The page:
Passion-inspired thinking is solving complex problems on a global scale, such as bringing scale and speed to disaster relief. Although logistics has mostly been used in commercial supply chains, one type – humanitarian logistics – is also important in disaster-relief operations.
As a global society, we are all tasked with protecting the most vulnerable of our people and resources. Humanitarian logistics services are becoming more critical in response to the rising levels and severity of climate change-related humanitarian crises.
Here are some interesting facts:
- 22 million people are displaced annually by climate or weather-related disasters, according to the UN.
- The Paris Agreement of 2016 sets a global framework for limiting global warming to well below 2oC and with a target to limit it to 1.5o. It is widely accepted that dramatic cuts in carbon emissions are needed to meet these goals (emissions are still rising in several major economies).
- The poorest countries contribute the least to global emissions but are most likely to suffer the impacts of climate change.
- A 2oC warmer world could cause 190 million people to experience levels of vulnerability to food insecurity greater than today; a 4oC warmer world could impact 1.9 billion (the number does not simply double for a 2oC warmer world).
- 32x more people are expected to be displaced from climate-related hazards than other geophysical hazards such as earthquakes.
There is clearly an increased level of risk to the well-being of vulnerable people posed by the effects of climate change. This creates pressure to make providing disaster relief faster and more efficient.
Cloud solutions combined with a global network can be used to enhance collaboration between humanitarian stakeholders (non-governmental organizations, government agencies, etc.), interagency procurement, and pre-qualified suppliers for disaster relief goods and services. Pre-qualified suppliers can be matched with emergency disaster relief needs using artificial intelligence and machine learning.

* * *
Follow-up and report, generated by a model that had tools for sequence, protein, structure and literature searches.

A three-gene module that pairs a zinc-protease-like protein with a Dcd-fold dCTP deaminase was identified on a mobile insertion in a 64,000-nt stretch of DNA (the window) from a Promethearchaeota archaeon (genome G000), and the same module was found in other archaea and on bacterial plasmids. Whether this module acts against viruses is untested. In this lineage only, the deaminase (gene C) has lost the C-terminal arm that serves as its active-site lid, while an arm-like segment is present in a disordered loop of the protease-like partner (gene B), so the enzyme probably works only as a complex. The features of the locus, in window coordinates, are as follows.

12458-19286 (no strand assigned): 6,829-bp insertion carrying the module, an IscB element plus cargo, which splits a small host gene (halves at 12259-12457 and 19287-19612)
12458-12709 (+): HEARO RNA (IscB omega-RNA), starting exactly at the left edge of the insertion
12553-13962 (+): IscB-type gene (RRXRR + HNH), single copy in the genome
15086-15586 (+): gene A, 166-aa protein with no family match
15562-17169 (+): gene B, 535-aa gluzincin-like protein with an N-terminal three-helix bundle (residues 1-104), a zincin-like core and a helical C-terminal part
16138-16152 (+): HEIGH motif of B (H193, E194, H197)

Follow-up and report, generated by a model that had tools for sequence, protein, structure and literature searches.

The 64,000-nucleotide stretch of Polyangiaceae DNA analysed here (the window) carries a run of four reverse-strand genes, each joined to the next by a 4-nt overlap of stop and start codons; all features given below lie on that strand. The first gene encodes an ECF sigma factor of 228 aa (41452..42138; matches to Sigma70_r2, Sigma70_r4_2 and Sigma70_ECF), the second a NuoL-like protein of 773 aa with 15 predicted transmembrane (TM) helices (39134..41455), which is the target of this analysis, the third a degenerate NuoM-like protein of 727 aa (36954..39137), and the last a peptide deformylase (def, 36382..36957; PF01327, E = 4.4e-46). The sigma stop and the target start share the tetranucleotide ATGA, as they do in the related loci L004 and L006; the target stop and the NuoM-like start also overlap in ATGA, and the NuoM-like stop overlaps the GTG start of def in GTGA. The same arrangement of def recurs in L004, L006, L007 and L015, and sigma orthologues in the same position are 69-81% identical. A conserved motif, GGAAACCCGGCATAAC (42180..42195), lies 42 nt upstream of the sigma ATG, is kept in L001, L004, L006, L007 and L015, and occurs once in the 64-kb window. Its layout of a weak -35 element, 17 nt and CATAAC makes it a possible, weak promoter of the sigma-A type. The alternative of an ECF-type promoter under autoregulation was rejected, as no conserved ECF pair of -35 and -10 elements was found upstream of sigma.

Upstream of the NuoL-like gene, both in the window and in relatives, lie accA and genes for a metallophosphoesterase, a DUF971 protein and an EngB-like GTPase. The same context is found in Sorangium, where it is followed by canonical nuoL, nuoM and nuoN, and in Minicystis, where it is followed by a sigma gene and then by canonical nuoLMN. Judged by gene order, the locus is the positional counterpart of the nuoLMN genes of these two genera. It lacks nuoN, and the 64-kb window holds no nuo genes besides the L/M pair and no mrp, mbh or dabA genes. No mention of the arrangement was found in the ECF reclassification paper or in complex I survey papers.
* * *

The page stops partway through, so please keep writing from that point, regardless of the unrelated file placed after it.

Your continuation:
Contracts or catalogs for pre-qualified suppliers can be hosted on the network for standard, repeatable requests and promoted using automated workflows. Discovery functionality could be used to source suppliers for non-standard, ad hoc relief requests.
Cloud solutions and network technology used in this way enable:
- Collaboration between stakeholders (NGOs, emergency services, interagency procurement) and suppliers
- Regional disaster resilience/relief agencies to match supply with demand more effectively
- Value for money (cost, response time, the right level of aid at the point of need)
- Better solutions to the current practices of emails, calls, etc.
- Greater levels of transparency of goods/services ordered (track and trace)
- Real-time insights into the capabilities of suppliers in disaster impact zones
Tackling climate change is going to be harder than we expect. Most of the world’s nations recognize the need for coordinated, global action on environmental issues. In the meantime, we must ensure we have the means to deploy disaster relief support faster and more efficiently than before. It is estimated that 200 million people could be affected by climate change by 2050. Whether or not this is true, technology can enable humanitarian logistics to cope with future demand and to maintain both the quality of life and dignity of displaced people.
Discover what happens when companies create an environment where people can do work that matches their passions. Learn more about the SAP One Billion Lives initiative.